Investing Your HSA Monies

Think of you Health Saving Accounts as a medical IRA:

  • Monies in an HSA can be invested in a variety of ways, such as stocks, bonds and mutual funds. The interest and investment earnings grow and accumulate tax free. Most banks pay interest on the HSA account balance.

Health Saving Account Tax Advantages

HSAs can save you money and increase your spendable income because:

  • Funds deposited into the HSA are deductible on IRS Form 1040, even if you do not itemize your deductions or complete Form 1040 EZ.
  • Your employer can deposit money into your HSA. The contribution(s) is not taxable to you.
  • You can deposit money to your HSA at any time. Contributions for the current calendar year may be made up to April 15th of the next year and deducted from the current calendar year’s tax return.
  • Since there is no time limit regarding when withdrawals must occur, you can reimburse yourself for qualified out-of-pocket healthcare expenses whenever you wish, provided the expenses were incurred on or after the date the HSA was established.
  • Since the health plan premium for the Qualified High Deductible Health Plan is typically 25% to 50% less than traditional major medical insurance, instant financial savings is created and can be used to help fund the HSA.

tip Health Saving Accounts (HSAs)

TIP: Tally your qualified out-of-pocket healthcare expenses at the end of each calendar year. Deposit this sum to your HSA from your regular checking account (do not exceed the maximum allowed contribution).  Transfer the money back to your regular checking account. Deduct the deposit on your tax return.

tip Health Saving Accounts (HSAs)

TIP: If you were previously covered under a traditional medical insurance plan, set up an automatic transfer each month to your HSA that represents the health premium savings that was created by switching to an HSA High Deductible Health Plan.

1040 Health Saving Accounts (HSAs)

Qualified Healthcare Expenses and Insurance Premiums

Healthcare costs incurred for the diagnosis, cure, treatment or prevention of disease, including the cost of treatments affecting any part or function of the body, plus the cost of equipment, supplies, and diagnostic devices are considered qualified healthcare expense under an Health Saving Account.

  • IRS Code Section 213d governs the HSA and spells out eligible healthcare expenses. See partial list below:
HSA Qualified Healthcare Expenses
acupuncture
alcoholism treatment
ambulance
arch supports
artificial limbs
blood tests
blood transfusions
cardiographs
chiropractor
Christian Science Practitioner
contact lenses
convalescent home (medical treatment only)
crutches
dental treatment
dental x-rays
dentures
dermatologist
diagnostic fees
drug addiction therapy
Prescription medication
elastic hosiery (prescription)
eyeglasses
guide dog
gum treatment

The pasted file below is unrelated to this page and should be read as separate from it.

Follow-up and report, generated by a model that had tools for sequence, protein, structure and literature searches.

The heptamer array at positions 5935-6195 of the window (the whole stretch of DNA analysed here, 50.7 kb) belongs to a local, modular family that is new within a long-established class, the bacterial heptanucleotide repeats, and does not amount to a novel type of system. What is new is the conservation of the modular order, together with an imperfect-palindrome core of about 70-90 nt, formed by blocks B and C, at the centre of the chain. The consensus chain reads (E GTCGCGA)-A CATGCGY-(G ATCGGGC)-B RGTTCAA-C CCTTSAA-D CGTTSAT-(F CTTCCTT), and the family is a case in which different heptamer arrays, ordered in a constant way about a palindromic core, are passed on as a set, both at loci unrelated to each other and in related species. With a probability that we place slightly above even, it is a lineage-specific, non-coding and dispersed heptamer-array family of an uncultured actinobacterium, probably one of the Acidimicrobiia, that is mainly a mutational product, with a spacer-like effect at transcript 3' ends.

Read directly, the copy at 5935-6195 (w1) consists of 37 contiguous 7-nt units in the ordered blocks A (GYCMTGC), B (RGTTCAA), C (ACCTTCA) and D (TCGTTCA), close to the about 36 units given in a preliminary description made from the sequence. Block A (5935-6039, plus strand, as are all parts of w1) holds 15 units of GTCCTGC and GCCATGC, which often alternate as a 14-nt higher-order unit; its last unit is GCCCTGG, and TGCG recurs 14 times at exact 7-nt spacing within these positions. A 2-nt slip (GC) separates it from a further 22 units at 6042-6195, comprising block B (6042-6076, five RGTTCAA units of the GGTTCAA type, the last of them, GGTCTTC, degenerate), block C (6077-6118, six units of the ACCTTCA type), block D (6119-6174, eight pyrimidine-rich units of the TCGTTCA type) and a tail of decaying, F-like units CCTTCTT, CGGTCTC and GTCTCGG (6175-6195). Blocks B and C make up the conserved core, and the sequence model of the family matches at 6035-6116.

hearing aids and batteries
hospital fees
hydrotherapy
insulin treatments
lab tests
lodging (away from home outpatient care)
metabolism tests
obstetrician
operating room costs
ophthalmologist
optometrist
oral surgery
organ transplant
orthodontia
orthopedic shoes
orthopedist
osteopath
oxygen/ oxygen equipment
pediatrician
physician
podiatrist
postnatal treatments
prenatal care prescription medication
psychiatrist
psychoanalyst
psychologist
psychotherapy
special school costs for the handicapped
spinal fluid test
splints
sterilization
surgeon
therapy equipment
vaccines
vasectomy
vitamins (if prescribed)
wheelchair
x-rays

Although over-the-counter medication was considered a qualified healthcare expense, the new healthcare law (Affordable Care Act) changed the rules effective January 1, 2011. Over-the-counter medication is no longer a qualified healthcare expense, unless the drug prescribed by a physician (except insulin).

Additionally,

  • Long-term care insurance premiums can be paid through an HSA
  • Use the HSA to pay for health insurance premiums when you are unemployed
  • Medicare insurance premiums can also be paid through your HSA

A comprehensive summary and list of eligible expenses can be found in IRS Publication 502.

Click to download a free copy of the IRS Publication 502

irs publication 502 Health Saving Accounts (HSAs)

Paying for Your Dependent’s Out-of-Pocket Healthcare Expenses

Use your HSA to pay for your family’s out-of-pocket health care expenses:

  • Pay for eye glasses, contact lenses orthodontia and a variety of other out-of-pocket healthcare expenses of your dependents, even if they are covered under another medical insurance policy or health plan.

tip Health Saving Accounts (HSAs)

TIP: Increase your spendable income by using your HSA to pay for the out-of-pocket healthcare expenses of your family members.

Receipts and Documentation

In the event you are audited by the IRS:

  • Keep copies of all healthcare bills and out-of-pocket medical, dental and vision expenses paid through your HSA so you can substantiate that HSA withdrawals were for qualified healthcare expenses.

Tax Consequences

The following guidelines apply when withdrawing money from an HSA:

  • Qualified out-of-pocket healthcare expenses paid for with HSA monies are not subject to federal and state income tax.
  • Before age 65, HSA funds withdrawn to pay for non-qualified healthcare expenses are subject to a tax penalty (10% in 2010 and 20% in 2011), plus federal and state income tax.
  • Age 65 and older, HSA funds withdrawn to pay for non-qualified healthcare expenses are subject to federal and state income tax.
return Health Saving Accounts (HSAs)